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Parents paid £1m over 'shambles' childcare scheme

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Almost £1m has been paid to parents in lieu of the tax-free childcare they should have received under a flagship government scheme
Richardson, Hannah
Publication Date: 
4 Feb 2018



Under the scheme, Revenue & Customs tops up what parents put in up by 20%, up to £2,000 per child per year.

But, because of glitches on the HMRC website, thousands have been unable to either set up tax-free accounts or access money they had paid into them.

HMRC has received 3,496 complaints from parents experiencing technical issues.

Those unable to access the tax-free childcare payments have been paid a total of £966,666.

And compensation worth nearly £40,000 has been paid to parents for inconvenience and expenses incurred such as having to call the helpline.

These figures cover the period up to 22 December, but are likely to increase as the deadline for parents to reconfirm their eligibility for subsidised childcare, when applications are expected to have peaked, was 31 December.

The figures came from a parliamentary question asked by Rushanara Ali, Bethnal Green and Bow MP.

Chief Secretary to the Treasury Liz Truss told a select committee hearing on Wednesday, that "the service hadn't been good enough", adding that parents had faced "huge frustrations".

'Total shambles'

Neil Leitch, chief executive of the Pre-school Learning Alliance, said HMRC was working to resolve the long-running problems with the website.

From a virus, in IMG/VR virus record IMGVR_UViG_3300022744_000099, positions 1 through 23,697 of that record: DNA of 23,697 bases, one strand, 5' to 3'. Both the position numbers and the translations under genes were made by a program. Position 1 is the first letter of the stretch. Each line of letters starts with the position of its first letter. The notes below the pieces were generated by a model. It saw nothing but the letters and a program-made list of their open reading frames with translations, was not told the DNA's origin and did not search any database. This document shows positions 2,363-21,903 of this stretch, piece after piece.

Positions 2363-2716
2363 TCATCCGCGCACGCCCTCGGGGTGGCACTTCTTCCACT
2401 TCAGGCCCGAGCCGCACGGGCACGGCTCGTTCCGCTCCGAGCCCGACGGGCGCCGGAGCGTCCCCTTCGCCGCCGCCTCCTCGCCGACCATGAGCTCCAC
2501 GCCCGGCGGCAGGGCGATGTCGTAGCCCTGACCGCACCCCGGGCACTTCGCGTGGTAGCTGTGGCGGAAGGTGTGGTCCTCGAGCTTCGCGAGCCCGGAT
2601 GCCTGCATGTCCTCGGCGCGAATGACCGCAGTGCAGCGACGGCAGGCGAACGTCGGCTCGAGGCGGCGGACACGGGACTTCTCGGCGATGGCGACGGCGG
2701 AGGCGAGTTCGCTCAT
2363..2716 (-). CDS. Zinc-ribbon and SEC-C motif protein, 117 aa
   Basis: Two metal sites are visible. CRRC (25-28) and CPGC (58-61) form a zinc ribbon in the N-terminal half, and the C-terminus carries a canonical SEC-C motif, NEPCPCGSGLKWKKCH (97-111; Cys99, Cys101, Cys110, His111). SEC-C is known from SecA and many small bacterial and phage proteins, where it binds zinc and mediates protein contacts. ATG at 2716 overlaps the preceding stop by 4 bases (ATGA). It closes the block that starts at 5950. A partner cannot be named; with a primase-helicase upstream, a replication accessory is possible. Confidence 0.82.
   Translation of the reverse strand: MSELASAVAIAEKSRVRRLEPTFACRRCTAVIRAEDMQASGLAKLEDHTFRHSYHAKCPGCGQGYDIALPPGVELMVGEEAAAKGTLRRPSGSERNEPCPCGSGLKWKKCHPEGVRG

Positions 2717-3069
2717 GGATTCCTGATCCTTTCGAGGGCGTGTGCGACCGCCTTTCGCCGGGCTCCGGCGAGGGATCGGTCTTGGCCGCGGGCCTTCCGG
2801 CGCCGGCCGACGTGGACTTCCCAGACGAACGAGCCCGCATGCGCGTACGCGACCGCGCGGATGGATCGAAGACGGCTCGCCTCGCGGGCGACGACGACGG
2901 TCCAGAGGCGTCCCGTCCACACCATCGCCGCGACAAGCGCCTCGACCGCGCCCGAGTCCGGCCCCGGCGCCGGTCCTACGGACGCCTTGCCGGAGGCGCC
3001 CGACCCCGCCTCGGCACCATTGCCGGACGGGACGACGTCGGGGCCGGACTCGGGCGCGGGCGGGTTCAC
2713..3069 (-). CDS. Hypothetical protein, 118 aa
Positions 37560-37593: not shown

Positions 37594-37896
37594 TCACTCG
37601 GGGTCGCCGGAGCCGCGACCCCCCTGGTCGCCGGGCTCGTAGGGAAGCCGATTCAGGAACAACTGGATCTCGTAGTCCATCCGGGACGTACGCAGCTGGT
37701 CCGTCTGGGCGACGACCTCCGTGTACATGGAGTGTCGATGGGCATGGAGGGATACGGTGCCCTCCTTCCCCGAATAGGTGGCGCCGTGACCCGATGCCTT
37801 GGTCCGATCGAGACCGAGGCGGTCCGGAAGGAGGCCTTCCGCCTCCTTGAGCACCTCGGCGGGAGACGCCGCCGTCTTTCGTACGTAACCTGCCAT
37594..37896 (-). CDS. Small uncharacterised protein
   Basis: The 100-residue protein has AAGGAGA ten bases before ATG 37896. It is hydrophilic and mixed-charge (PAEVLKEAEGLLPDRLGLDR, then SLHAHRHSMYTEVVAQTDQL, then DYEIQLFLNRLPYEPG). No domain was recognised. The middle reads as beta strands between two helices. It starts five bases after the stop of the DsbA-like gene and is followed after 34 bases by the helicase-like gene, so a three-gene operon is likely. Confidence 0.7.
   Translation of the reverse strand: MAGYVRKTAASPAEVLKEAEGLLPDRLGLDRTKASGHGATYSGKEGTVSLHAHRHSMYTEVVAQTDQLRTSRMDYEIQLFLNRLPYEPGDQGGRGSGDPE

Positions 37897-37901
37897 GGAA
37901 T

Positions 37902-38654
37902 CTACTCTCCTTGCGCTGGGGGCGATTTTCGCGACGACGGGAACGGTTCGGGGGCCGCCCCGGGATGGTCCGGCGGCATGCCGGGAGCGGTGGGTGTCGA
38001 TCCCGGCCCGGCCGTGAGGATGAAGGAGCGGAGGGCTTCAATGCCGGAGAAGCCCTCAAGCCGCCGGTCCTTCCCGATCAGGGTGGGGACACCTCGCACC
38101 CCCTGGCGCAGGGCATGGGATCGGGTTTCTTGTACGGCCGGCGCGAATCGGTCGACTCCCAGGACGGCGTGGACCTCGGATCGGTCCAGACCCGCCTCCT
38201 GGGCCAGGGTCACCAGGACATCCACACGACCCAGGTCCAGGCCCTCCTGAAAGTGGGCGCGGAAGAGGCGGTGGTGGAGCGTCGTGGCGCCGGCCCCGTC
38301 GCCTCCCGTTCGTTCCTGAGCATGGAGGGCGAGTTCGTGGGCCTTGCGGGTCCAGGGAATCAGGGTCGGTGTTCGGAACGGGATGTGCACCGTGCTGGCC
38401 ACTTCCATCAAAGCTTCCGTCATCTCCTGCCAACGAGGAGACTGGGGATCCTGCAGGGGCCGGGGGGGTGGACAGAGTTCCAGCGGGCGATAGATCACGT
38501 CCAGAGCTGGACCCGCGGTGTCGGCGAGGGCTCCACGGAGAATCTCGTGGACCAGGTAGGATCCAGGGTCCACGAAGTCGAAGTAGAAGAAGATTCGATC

But "at the moment, applying for tax-free childcare and the 30 hours via the online system is a complete lottery - while some parents have been able to use the service without issue, others are still facing a range of technical problems often preventing them from being able to do the simplest things".

"Given this system is meant to underpin two of the government's flagship childcare policies, clearly more needs to be done to rectify these ongoing problems," Mr Leitch said.

"This is particularly true of tax-free childcare, given that the childcare voucher scheme is due to close to new entrants in April."

He added: "We hope the government will take action on this as a matter of priority, and ensure that the childcare support it has promised to parents is actually accessible."

Labour's shadow early years minister, Tracy Brabin, said the figures were the latest sign "that the Tories are completely failing to deliver the affordable childcare that parents were promised".

"The rollout of tax-free childcare has been a total shambles, with the government missing their own target by over 90%," she said.

"The expanded scheme has been delayed time and time again, with an under-spend of nearly £1bn taken out of childcare entirely and returned to the Treasury."

'Significant improvements'

Ms Truss said the root of the problem was a complex interaction between the three organisations delivering the web-based service: HMRC, computer company Atos and NS& I (national savings).

She added that 12,000 manual codes had been issued - over the telephone rather than automatically via the website.

HMRC head of transformation Nick Lodge said: "The vast majority of people have been able to use the digital service.

"I apologise on behalf of HMRC and others for those problems, people had a right to expect a better service.

"We've made significant improvements to the service since the summer.

"It doesn't mean there are no parents with remaining difficulties to sort out.

"There are, and we are getting through [the difficulties], having addressed the main IT issues that people had in the summer."

A spokesman for the HMRC said: "More than 340,000 parents have successfully opened a childcare account, and are benefiting from new forms of government childcare support, which will cut thousands of pounds off bills for millions of households, supporting parents to return to or remain in work.

"If any parent is having a problem or needs to speak to us, they should call us on 0300 123 4097.

"HMRC can reimburse parents in lieu of their top-ups to ensure that nobody is left out of pocket."

-reprinted from BBC News